These problems are solved and a technical advance achieved in the field by the host-independent cartridge entry method of the present invention. While allowing the prior functionality of continuous cartridge entry management by a specific host computer, the present method also provides a new mode wherein any host computer connected to the automated cartridge library may acquire control of the entry process. In the new, "host-independent" mode, a message is broadcast by a library management unit to all of the host computers when an operator loads a cartridge or cartridges in the library cartridge access port. The host computers then vie for control of the cartridge access port, and a selection algorithm determines which host computer is allocated to control the cartridge access port. The selected host computer then catalogs the cartridges contained in the cartridge access port and issues a command to move the cartridges out of the cartridge access port. Finally, the host computer releases control of the cartridge access port so that the cartridge access port is again ready for host-independent entry. An additional feature of the present invention is that when the automated library is in host-independent mode, the operator need not issue a command each time additional cartridges are to be entered into the library, since the method of the present invention initiates automatic cartridge catalog and cartridge move operations whenever a cartridge access port door is closed.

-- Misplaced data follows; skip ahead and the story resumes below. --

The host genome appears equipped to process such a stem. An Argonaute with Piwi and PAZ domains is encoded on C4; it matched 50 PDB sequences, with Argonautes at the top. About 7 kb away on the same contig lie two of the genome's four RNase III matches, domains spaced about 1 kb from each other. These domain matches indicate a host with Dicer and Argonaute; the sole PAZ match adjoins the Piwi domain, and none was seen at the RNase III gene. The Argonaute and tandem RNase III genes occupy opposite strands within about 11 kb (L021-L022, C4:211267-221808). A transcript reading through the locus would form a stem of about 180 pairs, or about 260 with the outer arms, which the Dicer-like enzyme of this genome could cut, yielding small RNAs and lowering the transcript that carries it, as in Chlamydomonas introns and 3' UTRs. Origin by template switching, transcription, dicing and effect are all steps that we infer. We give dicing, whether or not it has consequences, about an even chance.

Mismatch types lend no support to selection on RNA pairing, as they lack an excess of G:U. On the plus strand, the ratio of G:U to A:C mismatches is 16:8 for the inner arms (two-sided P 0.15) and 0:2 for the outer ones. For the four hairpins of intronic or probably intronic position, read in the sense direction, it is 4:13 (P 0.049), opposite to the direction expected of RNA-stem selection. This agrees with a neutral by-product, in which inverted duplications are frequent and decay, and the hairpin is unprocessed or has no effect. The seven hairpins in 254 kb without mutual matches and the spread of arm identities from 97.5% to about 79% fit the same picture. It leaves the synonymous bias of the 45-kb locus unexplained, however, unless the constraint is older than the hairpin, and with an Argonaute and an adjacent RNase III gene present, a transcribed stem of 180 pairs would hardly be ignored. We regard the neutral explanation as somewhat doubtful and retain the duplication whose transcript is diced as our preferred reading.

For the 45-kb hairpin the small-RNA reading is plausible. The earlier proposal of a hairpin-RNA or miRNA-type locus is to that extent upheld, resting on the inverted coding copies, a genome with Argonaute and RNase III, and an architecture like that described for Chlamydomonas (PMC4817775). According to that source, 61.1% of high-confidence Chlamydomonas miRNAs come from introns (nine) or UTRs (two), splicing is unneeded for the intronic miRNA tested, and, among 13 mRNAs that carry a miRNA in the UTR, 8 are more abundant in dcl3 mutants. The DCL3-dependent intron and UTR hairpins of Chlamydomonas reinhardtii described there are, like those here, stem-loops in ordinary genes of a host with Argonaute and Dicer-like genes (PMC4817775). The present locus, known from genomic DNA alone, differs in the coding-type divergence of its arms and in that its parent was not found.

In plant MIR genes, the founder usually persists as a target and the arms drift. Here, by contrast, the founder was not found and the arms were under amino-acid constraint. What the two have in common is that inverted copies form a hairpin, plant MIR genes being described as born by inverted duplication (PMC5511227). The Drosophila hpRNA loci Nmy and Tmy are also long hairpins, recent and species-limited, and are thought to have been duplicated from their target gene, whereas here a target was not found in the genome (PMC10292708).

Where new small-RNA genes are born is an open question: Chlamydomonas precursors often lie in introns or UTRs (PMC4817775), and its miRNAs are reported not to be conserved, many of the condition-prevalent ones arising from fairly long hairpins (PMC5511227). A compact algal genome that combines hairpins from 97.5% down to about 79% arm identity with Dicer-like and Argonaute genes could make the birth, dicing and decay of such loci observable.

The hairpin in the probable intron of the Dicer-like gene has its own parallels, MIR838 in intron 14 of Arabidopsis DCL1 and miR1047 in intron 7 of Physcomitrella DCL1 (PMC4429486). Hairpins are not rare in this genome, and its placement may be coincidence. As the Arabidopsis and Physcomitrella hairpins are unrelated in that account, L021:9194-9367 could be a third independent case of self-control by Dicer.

BRIEF DESCRIPTION OF THE DRAWING

FIG. 1 shows the components of a typical automated tape cartridge library with which the method of the present invention operates;